236A. Semiconductor Heterostructure Materials (4) This course covers the growth, characterization, and heterojunction properties of III-IV compound semiconductors and group-IV semiconductor heterostructures for the subsequent courses on electronic and photonic device applications. Topics include epitaxial growth techniques, electrical properties of heterojunctions, transport and optical properties of quantum wells and superlattices. Prerequisites: ECE 230A-B-C or consent of instructor. (W)
236B. Optical Processes in Semiconductors (4) Absorption and emission of radiation in semiconductors. Radiative transition and nonradiative recombination. Ultra-fast optical phenomena. Laser and photodetector devices will be emphasized. Prerequisites: ECE 230A and 230C or equivalent. (W)
236C. Heterojunction Field Effect Transistors (4) Device physics and applications of isotype and anisotype heterojunctions and quantum wells, including band-edge discontinuities, band bending and space charge layers at heterojunction interfaces, charge transport normal and parallel to such interfaces, two-dimensional electron gas structures, modulation doping, heterojunction and insulated gate field effect transistors. Prerequisite: consent of instructor. (S)
236D. Heterojunction Bipolar Transistors (4) Current flow and charge storage in bipolar transistors. Use of heterojunctions to improve bipolar structures. Transient electron velocity overshoot. Simulation of device characteristics. Circuit models of HBTs. Requirements for high-speed circuit applications. Elements of bipolar process technology, with emphasis on III-V materials. Prerequisite: consent of instructor. (F)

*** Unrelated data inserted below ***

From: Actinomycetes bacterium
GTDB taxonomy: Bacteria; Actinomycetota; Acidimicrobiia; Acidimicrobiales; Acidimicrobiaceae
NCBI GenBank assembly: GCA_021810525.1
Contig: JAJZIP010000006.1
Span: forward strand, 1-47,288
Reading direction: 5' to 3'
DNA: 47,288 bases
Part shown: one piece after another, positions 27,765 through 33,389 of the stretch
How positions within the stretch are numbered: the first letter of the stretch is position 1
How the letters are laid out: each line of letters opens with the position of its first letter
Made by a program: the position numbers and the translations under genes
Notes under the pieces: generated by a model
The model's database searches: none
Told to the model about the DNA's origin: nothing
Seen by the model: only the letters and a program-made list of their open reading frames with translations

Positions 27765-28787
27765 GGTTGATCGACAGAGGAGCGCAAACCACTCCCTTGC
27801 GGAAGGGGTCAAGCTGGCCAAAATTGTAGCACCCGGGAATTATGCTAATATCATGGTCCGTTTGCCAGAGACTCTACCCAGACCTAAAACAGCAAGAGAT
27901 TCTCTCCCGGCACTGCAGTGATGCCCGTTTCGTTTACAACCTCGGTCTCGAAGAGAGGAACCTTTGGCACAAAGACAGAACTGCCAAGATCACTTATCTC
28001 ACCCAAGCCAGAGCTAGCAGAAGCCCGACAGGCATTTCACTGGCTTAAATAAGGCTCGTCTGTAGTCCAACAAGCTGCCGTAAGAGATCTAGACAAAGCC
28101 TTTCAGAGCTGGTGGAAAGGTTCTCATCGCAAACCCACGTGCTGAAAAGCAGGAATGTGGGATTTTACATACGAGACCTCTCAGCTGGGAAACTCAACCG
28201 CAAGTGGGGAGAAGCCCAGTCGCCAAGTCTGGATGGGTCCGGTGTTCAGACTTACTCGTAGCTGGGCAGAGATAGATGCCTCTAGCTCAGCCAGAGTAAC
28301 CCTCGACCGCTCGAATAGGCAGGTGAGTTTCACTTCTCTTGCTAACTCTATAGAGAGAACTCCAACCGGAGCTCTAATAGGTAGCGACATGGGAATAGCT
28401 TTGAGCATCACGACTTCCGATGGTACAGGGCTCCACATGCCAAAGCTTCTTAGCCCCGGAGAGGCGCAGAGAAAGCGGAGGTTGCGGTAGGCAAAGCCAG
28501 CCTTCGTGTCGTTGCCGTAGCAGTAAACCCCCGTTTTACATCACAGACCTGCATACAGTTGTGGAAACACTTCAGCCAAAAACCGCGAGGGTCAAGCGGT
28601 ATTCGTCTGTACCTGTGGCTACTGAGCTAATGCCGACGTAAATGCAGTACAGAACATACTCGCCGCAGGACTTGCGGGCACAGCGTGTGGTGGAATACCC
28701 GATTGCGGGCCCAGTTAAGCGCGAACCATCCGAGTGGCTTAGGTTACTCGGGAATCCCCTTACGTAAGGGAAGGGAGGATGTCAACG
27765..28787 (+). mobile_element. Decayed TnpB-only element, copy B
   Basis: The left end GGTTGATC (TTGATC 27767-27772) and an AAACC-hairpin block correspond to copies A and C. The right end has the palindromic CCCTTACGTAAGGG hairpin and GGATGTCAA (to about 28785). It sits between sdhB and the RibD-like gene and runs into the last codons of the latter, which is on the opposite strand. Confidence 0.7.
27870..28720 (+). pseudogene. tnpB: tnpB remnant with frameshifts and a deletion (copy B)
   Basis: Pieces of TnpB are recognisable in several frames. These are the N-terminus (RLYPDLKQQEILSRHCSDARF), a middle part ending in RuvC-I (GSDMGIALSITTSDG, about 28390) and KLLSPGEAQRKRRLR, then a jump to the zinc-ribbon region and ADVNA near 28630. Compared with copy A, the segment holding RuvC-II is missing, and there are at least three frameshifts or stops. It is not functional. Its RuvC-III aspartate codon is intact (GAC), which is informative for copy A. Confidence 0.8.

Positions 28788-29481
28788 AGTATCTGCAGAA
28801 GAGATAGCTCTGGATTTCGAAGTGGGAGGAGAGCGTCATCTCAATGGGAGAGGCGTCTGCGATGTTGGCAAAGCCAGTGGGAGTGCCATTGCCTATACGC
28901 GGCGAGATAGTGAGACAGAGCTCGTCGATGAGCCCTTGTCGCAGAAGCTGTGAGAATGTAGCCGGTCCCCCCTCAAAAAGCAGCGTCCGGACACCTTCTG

238A. Thermodynamics of Solids (4) The thermodynamics and statistical mechanics of solids. Basic concepts, equilibrium properties of alloy systems, thermodynamic information from phase diagrams, surfaces and interfaces, crystalline defects. Multiple listed with Materials Science 201A. Prerequisite: consent of instructor. (F)
238B. Solid State Diffusion and Reaction Kinetics (4) Thermally activated processes. Boltzman factor, homogeneous and heterogeneous reactions, solid state diffusion, Ficks law, diffusion mechanisms, Kirkendall effects, Boltzmann-Manato analysis, high diffusivity paths. Multiple listed with Materials Science 201B. Prerequisite: ECE 238A. (W)
240A. Lasers and Optics (4) Fresnel and Fraunhofer diffraction theory. Optical resonators, interferometry. Gaussian beam propagation and transformation. Laser oscillation and amplification, Q-switching and mode locking of lasers, some specific laser systems. Prerequisites: ECE 123, 124 or equivalent; introductory quantum mechanics or ECE183. (F)
240B. Optical Information Processing (4) Space-bandwidth product, superresolution, space-variant optical system, partial coherence, image processing with coherent and incoherent light, processing with feedback, real-time light modulators for hybrid processing, nonlinear processing. Optical computing and other applications. Prerequisite: ECE 182 or equivalent. (W)
240C. Optical Modulation and Detection (4) Propagation of waves and rays in anisotropic media. Electro-optical switching and modulation. Acousto-optical deflection and modulation. Detection theory. Heterodyne detection, incoherent and coherent detection. Prerequisites: ECE 181,183 or equivalent. (S) S. Esener and
241A. Nonlinear Optics (4) Second harmonic generation (color conversion), parametric amplification and oscillation, photorefractive effects and four-wave mixing, optical bistability; applications. Prerequisites: ECE 240A, C, or consent of instructor. (F)
241B. Optical Devices for Computing. (4) Application of electro-optic, magneto-optic, acousto-optic, and electro-absorption effects to the design of photonic devices with emphasis on spatial light modulation and optical storage techniques. Prerequisites: ECE 240A, C, or consent of instructor. (F)